Normandeau DVD on Empreintes Digitales


Subject: Normandeau DVD on Empreintes Digitales
From: David Prescott (vtprescott@earthlink.net)
Date: Sun Mar 20 2005 - 18:52:03 EST


Dear CEC-list members:

I hope it's OK if I mention Robert Normandeau's new DVD, "Puzzles" on
Empreintes Digitales. With 15 years separating me from my last
composition, I can no longer claim to be a member of any musical
community, but I am an avid fan and listener, and appreciate the works
of many who post to this list. Although I enjoy EA in all forms, my
personal bias is toward the Montreal scene. I listen most to Dhomont and
Normandeau, but imagine that this is partially due to the volume of
their available work. I keep hoping that many of the E.D. artists
(Calon, Young, Schryer, Bouhalassa) will find more work published.

I'm sure many, if not most, are familiar with Robert Normandeau, whose
work is particularly cinematic and well produced. To my ears, Normandeau
is as challenging as he is focused. If Dhomont brings to mind the
vastness of human experience and the history of EA, Normandeau always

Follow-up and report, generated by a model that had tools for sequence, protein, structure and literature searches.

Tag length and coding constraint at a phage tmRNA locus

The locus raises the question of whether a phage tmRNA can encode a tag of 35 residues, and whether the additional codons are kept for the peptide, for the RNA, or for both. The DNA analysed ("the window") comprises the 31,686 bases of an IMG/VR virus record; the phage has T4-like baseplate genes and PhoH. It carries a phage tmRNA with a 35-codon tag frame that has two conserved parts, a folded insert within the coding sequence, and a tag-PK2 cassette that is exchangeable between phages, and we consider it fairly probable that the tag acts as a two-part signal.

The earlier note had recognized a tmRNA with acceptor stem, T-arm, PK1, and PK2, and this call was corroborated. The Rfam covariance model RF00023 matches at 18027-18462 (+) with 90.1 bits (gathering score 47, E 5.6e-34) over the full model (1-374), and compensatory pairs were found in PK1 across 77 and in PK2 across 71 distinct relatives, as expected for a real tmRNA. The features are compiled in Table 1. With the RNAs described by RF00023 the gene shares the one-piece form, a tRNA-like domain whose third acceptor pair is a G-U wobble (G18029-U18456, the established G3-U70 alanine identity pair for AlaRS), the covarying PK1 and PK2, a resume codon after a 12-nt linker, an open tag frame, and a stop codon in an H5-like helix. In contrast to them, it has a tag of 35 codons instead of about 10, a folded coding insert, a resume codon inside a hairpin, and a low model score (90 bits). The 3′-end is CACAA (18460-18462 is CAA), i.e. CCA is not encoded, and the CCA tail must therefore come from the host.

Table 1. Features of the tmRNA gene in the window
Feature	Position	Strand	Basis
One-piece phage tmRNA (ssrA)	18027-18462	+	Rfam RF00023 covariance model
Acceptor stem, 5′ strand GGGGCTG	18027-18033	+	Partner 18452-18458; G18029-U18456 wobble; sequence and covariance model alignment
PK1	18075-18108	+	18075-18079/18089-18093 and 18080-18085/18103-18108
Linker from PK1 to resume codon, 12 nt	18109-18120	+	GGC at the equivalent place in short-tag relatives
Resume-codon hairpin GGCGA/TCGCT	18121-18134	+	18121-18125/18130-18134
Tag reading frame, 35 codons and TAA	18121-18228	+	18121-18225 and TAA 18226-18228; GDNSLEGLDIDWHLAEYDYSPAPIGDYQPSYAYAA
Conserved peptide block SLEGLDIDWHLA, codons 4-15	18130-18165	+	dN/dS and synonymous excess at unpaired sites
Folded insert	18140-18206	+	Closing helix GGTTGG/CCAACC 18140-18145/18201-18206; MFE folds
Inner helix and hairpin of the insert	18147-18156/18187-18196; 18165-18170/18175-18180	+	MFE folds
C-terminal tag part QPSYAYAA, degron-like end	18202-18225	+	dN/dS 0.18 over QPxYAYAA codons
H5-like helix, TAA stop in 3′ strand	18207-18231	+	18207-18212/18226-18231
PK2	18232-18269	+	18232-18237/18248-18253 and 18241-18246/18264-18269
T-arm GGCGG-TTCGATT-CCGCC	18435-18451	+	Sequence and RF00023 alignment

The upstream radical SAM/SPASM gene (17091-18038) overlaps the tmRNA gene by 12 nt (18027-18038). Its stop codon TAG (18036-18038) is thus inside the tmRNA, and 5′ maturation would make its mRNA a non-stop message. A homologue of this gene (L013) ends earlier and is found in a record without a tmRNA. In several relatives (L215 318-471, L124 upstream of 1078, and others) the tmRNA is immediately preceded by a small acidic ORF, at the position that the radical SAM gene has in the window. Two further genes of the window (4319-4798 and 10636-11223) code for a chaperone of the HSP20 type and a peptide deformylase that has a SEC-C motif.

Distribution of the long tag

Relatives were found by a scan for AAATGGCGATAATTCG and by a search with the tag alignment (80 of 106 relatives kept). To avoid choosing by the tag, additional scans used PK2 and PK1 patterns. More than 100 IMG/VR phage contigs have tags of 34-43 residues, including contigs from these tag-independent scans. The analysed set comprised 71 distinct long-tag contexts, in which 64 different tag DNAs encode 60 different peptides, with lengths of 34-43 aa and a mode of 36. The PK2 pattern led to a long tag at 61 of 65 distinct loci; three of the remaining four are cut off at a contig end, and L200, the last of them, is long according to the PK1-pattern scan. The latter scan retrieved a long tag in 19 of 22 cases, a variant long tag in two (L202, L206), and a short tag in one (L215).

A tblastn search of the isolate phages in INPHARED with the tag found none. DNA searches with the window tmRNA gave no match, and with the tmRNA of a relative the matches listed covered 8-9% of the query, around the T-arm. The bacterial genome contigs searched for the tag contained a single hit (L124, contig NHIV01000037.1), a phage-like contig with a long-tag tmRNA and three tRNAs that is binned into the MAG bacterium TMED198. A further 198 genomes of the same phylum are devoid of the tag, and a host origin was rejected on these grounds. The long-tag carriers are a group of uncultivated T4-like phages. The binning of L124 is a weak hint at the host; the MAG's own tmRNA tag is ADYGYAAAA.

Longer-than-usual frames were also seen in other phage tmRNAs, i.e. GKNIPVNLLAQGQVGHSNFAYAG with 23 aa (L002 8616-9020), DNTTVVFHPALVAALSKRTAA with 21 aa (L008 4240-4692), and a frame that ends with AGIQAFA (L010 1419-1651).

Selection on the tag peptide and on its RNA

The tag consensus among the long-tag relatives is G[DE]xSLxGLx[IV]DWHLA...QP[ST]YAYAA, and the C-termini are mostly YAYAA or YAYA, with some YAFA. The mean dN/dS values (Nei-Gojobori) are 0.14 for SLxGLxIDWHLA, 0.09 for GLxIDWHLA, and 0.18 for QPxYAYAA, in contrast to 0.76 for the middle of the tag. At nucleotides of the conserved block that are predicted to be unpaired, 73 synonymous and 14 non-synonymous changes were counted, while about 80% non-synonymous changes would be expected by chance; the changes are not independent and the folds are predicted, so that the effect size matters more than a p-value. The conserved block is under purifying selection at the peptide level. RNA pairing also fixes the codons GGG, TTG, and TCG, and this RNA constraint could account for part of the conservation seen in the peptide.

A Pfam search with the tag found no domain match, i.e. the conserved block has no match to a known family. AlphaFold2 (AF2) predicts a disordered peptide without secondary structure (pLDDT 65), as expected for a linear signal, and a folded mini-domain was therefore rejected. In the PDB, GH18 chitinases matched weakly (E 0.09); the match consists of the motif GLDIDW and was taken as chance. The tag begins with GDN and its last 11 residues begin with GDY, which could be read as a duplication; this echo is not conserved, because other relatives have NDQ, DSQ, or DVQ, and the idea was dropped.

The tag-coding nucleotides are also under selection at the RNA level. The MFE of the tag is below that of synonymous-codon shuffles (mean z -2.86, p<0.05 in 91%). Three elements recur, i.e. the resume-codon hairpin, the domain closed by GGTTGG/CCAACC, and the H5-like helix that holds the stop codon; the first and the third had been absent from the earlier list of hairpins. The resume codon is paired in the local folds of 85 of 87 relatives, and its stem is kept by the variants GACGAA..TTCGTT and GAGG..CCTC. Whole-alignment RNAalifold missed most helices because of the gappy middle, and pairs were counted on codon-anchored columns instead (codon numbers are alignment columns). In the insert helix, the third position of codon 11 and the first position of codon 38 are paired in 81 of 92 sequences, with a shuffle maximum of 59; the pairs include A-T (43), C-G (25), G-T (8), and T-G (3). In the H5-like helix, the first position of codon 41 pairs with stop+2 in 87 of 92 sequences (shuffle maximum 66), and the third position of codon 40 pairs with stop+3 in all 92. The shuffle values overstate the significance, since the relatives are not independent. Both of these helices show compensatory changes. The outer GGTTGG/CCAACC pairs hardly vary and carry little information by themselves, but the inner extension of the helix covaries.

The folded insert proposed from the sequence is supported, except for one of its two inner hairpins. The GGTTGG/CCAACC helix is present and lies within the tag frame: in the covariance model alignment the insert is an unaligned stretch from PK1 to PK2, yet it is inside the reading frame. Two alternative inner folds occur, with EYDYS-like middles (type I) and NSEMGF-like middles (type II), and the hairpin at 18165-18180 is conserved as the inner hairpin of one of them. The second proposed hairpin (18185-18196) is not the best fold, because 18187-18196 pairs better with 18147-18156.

brings to my mind the complexities of human experience. Having been a
psychotherapist for the past 22 years, I am always amazed by
Normandeau's use of the human voice. I have spent two decades listening
(and connecting) to people who have extreme difficulty expressing
themselves. Many have difficulty understanding, discovering, and
re-building themselves after tragedy. The forms of voice that Normandeau
uses in his pieces "Chorus" and "Hamlet" (on the "Puzzle" DVD) and
"Erinyes" (on the "Clair de Terre" CD) call to mind the profound
difficulties that people can have in self-expression.

This is E.D.'s first DVD, and it sounds incredible. It's done with 24
bit/Surround 5.1 stereo. To my knowledge, it's a first of its kind, and
so I thought it deserved mention to those who might not have become
aware of it. For those familiar with Normandeau's releases, you will not
be disappointed. While "Chorus" has been previously issued on a
"Metamorphose" compilation, the rest (to my knowledge) hasn't been. Part
of the DVD's brilliance is that each piece has different qualities and
is distinct from the others while the entire set comes together as a
complete whole, reflecting the current state of the composer's work. And
as one might expect from Normandeau, it's visual to the very end,
intense, and walks that difficult line between being challenging,
irresistible, provocative, and engaging. Thanks to the folks at
Empreintes Digitales for putting it out!

-- David Prescott, listener-at-large in Central Wisconsin



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